And then there’s the next step. You’re 23 or 24, and you end college. We’ve got the NWSL—but we only have nine clubs. The average age of those players is 26 and a half. Only the very best can get into the NWSL. If you look at last year’s draft—not this year, last year—there were like eight players going to the NWSL. Only three or four got real playing minutes. That’s not much. For the other players who might not get the opportunity or be ready, they don’t really have a platform. They have the WPSL and so on, for some of them, or Europe.

I’m not the one who can change the landscape and put everything on one pyramid. In the meantime, it’s more like trying to create awareness with players who want to become elite. What are the best steps you can take within this landscape?

How does the NWSL factor in?

We still have one of the strongest leagues in the world, and that will benefit our national team. But we do have to think about how do players to get into the NWSL—the pipeline.

We have the Development Academy now—it’s a program built on international standards; it’s year-round, we should have qualified coaches, and intense and quality training sessions. The amount of training sessions should reflect what’s needed to become a world-class player. And then we can still compete with the rest of the world. You need to create a high-performance environment with best players and the best coaches in the best program. 

At the U17 World Cup, Spain became world champions and their players were already playing in senior teams. Canada changed their pathway as well; they’ve got three national training centers. If you’re in the under-17s or under-20s you need to be in one of those three national centers. They’re a cooperation between the federation, the province and the club—based on one curriculum. They will benefit from that. In Mexico, they’ve started their national league. So I’ve tried to create awareness: Yes, we’ve been really successful and if we want to continue being successful, we need to develop ourselves as a nation. We need to become better and we need to think about ways we can improve.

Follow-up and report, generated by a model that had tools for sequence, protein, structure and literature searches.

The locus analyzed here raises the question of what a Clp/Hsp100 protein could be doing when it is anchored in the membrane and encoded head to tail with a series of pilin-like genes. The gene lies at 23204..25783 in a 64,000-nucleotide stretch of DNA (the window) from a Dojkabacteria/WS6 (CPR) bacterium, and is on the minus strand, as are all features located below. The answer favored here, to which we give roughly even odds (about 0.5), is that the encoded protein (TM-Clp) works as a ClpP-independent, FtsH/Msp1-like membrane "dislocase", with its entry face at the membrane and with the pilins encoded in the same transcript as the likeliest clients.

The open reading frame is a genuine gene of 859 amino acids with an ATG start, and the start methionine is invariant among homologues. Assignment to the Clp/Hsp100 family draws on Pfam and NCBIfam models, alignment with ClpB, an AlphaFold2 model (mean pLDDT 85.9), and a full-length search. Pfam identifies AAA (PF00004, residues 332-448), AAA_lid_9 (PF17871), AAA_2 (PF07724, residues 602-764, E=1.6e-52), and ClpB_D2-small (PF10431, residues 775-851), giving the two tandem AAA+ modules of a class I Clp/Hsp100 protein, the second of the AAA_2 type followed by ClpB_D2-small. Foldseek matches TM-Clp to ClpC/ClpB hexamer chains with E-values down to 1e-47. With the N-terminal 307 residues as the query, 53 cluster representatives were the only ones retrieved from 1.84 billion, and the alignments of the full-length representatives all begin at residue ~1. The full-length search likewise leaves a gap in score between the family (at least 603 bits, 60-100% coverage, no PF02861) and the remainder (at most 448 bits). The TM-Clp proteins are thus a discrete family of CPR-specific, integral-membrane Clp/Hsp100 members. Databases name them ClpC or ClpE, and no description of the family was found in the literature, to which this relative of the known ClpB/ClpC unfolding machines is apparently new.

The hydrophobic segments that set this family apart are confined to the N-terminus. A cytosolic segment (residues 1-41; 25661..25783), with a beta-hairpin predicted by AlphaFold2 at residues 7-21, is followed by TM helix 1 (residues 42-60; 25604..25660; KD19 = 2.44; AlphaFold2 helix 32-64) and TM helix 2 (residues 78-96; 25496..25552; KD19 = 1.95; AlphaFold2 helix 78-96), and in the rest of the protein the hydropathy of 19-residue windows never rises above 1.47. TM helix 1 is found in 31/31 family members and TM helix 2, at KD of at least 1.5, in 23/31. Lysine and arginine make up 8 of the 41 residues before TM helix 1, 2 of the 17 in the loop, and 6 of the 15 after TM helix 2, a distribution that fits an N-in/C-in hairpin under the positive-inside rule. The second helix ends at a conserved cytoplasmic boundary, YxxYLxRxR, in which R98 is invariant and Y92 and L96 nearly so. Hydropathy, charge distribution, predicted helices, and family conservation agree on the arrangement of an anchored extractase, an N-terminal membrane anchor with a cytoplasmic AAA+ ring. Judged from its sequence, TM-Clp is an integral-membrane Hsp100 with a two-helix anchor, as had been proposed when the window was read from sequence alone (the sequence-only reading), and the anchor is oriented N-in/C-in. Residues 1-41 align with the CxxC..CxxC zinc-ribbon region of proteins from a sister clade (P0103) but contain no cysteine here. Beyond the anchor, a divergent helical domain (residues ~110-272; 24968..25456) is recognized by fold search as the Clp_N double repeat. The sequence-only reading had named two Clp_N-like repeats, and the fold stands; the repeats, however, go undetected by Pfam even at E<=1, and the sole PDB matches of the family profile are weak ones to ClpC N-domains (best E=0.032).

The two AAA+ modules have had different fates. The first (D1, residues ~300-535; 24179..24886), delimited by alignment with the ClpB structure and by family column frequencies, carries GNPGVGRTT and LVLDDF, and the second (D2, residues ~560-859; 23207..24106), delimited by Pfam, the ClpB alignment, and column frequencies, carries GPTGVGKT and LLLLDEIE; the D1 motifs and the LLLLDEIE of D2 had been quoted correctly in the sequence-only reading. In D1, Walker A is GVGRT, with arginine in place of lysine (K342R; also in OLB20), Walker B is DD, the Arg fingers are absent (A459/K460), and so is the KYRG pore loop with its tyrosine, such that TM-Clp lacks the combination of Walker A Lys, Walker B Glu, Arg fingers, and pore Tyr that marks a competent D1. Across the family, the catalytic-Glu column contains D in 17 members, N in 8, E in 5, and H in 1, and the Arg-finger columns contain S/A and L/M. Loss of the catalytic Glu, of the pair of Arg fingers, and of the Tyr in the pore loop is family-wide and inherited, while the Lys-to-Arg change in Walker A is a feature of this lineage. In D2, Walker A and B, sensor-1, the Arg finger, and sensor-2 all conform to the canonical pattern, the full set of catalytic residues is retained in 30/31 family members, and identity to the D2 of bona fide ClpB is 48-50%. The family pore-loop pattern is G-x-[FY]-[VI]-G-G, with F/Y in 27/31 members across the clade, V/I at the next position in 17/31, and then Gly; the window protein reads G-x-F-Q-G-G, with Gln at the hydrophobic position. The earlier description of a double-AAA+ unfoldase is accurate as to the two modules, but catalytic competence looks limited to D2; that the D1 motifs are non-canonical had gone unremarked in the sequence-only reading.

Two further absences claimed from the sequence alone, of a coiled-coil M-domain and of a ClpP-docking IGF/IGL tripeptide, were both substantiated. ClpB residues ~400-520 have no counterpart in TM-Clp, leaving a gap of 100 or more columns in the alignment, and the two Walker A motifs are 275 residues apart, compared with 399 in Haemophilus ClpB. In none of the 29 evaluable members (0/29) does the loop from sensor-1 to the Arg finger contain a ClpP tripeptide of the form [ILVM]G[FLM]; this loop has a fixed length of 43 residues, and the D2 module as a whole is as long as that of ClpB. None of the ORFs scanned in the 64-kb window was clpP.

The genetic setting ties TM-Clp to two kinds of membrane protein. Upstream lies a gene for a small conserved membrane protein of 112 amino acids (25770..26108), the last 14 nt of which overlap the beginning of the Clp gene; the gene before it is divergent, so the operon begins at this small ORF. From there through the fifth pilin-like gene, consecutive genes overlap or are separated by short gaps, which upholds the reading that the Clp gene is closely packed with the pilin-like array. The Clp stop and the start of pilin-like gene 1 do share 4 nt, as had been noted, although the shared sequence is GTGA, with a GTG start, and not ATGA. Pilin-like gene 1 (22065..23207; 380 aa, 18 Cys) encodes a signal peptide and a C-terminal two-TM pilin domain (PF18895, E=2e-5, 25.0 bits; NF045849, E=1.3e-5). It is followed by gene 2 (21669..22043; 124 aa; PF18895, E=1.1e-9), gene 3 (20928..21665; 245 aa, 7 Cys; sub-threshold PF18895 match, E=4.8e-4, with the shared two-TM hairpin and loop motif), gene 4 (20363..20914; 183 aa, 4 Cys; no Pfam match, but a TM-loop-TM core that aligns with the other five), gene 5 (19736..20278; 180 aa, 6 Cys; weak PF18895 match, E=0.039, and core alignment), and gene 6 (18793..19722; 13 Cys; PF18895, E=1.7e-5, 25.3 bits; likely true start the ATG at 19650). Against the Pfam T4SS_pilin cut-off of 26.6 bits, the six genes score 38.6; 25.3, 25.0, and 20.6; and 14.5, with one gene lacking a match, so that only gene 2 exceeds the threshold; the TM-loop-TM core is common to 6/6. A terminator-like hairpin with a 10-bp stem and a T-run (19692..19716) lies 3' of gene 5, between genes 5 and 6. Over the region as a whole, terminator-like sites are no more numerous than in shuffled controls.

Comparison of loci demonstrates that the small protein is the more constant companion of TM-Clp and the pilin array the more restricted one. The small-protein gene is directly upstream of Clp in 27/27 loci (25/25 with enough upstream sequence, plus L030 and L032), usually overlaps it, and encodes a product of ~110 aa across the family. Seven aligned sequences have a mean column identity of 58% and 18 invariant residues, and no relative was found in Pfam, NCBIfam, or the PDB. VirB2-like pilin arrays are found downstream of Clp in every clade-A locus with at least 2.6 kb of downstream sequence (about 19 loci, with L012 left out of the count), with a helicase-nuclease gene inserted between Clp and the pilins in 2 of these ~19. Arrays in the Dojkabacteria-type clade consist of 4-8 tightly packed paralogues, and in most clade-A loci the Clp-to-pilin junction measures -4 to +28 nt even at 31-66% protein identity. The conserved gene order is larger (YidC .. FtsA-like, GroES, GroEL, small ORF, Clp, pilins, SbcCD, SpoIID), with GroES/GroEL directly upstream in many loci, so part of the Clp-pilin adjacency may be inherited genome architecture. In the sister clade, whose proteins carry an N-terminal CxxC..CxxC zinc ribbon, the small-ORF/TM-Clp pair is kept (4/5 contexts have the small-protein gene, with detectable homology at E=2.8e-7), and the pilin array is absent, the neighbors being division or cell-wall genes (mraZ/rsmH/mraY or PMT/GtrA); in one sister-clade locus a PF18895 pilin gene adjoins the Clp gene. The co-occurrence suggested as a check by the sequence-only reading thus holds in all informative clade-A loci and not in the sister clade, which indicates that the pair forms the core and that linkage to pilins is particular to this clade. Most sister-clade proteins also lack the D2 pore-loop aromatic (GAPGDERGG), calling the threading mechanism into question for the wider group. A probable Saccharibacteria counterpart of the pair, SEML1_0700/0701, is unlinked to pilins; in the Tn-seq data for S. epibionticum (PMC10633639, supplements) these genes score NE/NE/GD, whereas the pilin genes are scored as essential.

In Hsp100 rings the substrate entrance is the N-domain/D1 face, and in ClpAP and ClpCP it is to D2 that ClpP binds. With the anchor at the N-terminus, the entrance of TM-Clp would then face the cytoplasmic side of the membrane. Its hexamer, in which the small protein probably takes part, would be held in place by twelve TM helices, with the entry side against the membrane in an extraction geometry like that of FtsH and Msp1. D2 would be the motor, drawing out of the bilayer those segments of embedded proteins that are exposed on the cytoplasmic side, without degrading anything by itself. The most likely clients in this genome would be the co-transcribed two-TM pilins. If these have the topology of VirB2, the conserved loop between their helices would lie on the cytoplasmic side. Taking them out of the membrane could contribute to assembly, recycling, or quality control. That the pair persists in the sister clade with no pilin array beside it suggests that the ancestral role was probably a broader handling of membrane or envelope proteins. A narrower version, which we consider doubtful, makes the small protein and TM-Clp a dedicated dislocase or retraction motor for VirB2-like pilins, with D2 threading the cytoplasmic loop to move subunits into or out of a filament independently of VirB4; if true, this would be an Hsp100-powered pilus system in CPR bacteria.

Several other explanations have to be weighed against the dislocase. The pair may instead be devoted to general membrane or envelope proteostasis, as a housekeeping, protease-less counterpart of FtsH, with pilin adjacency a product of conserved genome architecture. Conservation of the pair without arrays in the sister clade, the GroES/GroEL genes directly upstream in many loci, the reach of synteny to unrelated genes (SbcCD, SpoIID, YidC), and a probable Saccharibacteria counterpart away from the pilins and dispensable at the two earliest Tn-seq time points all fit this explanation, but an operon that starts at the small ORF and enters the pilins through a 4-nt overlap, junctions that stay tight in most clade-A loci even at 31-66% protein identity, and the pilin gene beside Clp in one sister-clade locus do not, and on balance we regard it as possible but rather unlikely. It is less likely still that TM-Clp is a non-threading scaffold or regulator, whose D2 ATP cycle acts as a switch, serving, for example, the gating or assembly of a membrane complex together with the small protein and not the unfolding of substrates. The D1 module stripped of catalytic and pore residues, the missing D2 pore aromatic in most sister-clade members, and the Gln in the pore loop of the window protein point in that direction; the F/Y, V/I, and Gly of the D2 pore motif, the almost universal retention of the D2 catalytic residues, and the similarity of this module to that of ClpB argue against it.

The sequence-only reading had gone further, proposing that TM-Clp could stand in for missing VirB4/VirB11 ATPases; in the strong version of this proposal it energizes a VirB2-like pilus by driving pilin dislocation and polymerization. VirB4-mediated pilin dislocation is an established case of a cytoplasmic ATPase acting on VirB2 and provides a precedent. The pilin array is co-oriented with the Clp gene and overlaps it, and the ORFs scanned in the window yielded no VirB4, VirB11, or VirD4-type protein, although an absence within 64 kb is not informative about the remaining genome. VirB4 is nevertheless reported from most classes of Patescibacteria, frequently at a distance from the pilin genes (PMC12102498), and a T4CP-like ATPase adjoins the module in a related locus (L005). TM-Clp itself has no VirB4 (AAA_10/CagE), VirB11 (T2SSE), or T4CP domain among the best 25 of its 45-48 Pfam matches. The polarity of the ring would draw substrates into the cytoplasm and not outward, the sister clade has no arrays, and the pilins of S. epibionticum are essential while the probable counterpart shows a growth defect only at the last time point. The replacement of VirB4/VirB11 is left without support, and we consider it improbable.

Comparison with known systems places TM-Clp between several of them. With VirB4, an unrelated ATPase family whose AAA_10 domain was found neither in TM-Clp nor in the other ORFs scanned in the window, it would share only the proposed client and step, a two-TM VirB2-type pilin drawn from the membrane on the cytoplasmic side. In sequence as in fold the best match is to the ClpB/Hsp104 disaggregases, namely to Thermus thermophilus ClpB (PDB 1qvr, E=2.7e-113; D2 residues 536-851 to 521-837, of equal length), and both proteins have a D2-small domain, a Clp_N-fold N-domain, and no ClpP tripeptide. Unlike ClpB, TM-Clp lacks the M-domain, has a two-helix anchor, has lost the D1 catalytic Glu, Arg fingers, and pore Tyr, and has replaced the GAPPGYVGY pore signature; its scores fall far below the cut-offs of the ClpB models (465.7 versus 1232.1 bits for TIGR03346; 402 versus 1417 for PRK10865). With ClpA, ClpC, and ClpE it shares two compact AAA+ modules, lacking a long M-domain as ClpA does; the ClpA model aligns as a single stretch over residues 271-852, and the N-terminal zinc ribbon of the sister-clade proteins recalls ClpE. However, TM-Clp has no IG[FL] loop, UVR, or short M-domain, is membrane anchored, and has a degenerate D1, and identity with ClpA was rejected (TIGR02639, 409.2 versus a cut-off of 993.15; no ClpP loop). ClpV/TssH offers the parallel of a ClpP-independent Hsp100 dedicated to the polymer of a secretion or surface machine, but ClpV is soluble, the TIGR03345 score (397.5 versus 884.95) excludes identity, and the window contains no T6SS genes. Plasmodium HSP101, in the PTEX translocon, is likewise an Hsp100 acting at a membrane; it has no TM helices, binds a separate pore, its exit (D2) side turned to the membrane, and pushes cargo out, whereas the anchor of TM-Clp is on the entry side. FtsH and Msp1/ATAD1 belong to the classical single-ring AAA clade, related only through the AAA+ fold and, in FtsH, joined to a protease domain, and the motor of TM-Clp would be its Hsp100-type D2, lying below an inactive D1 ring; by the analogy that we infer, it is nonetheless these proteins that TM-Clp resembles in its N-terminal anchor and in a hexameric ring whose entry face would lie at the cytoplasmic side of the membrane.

How will US Soccer do that?

Our main mission is to identify players for the national teams. We believe that if you have better environments, you will have better players. The most important thing for us: we believe talent can be developed. It’s not like you’re born with talent. Of course you might have genetic markers, but eventually it depends on purposeful practice. What kind of environment are you in and what are you doing to become better? 

If you play with better players, you become better—if you’re fast, and the rest are really below you, how are you going to become better? You need better players around you to become a better player—that will challenge you to go to the next level. 

But you also need good coaches, someone who doesn’t constantly tell you what you need to do. If you’re constantly told what you need to do, you’re not going to think for yourself. If you’re not thinking for yourself, you’re not going to create ownership or decision-making. And that’s what we want. We’re looking for players who understand the game and make decisions.

And then you give them the tools and resources they need to make even better decisions?

Exactly. That’s why those players need to be in an environment where all those things are stimulated, that they are allowed to make decisions and mistakes. Of course, if you make the same mistake 10 times, then you have to ask something about the learning ability of a player, but you need to be in those environments. Of course, what’s important is that the player also wants to do that; a player needs to be open for that.

Say I want to become the new Alex Morgan, or I want to play in the NWSL: if you don’t train enough every week, if you don’t play enough minutes, if you’re not with the best players, if you don’t have the right coaches, then you have to think about that and maybe change your environment.

One criticism about American youth soccer in general is that the ones who have the pathway come from families who can afford to pay to be on high-level travel teams. So a lot of potentially talented players just don’t get those opportunities, which affects that makeup of the national team.

We try to educate clubs so that they can ID talent within their community. Our philosophy says we want to reach out to the communities. We have a network of almost 90 to 100 YNT network scouts on both the female side and the male side. We go to games, every week we go to tournament showcases, but we have to focus on certain environments. We’re trying to do that for the entire country, but you only have so many resources—so I need to focus on the biggest clubs where I can find the best players; I keep track of all the players and where they are from. In that sense we have at least a pretty good understanding of some of the pockets of areas where there are good players. And then of course you have some outlier markets, so we also go there. But we cannot do it all by ourselves. I try to collaborate with US Youth Soccer, because they have their ODP program. They share their best players with us, and we share our philosophy and our information to help them. We do the same with US Club Soccer. We also use a lot of data and statistics, including historical context: Where do great players come from, which markets, which environments, which clubs?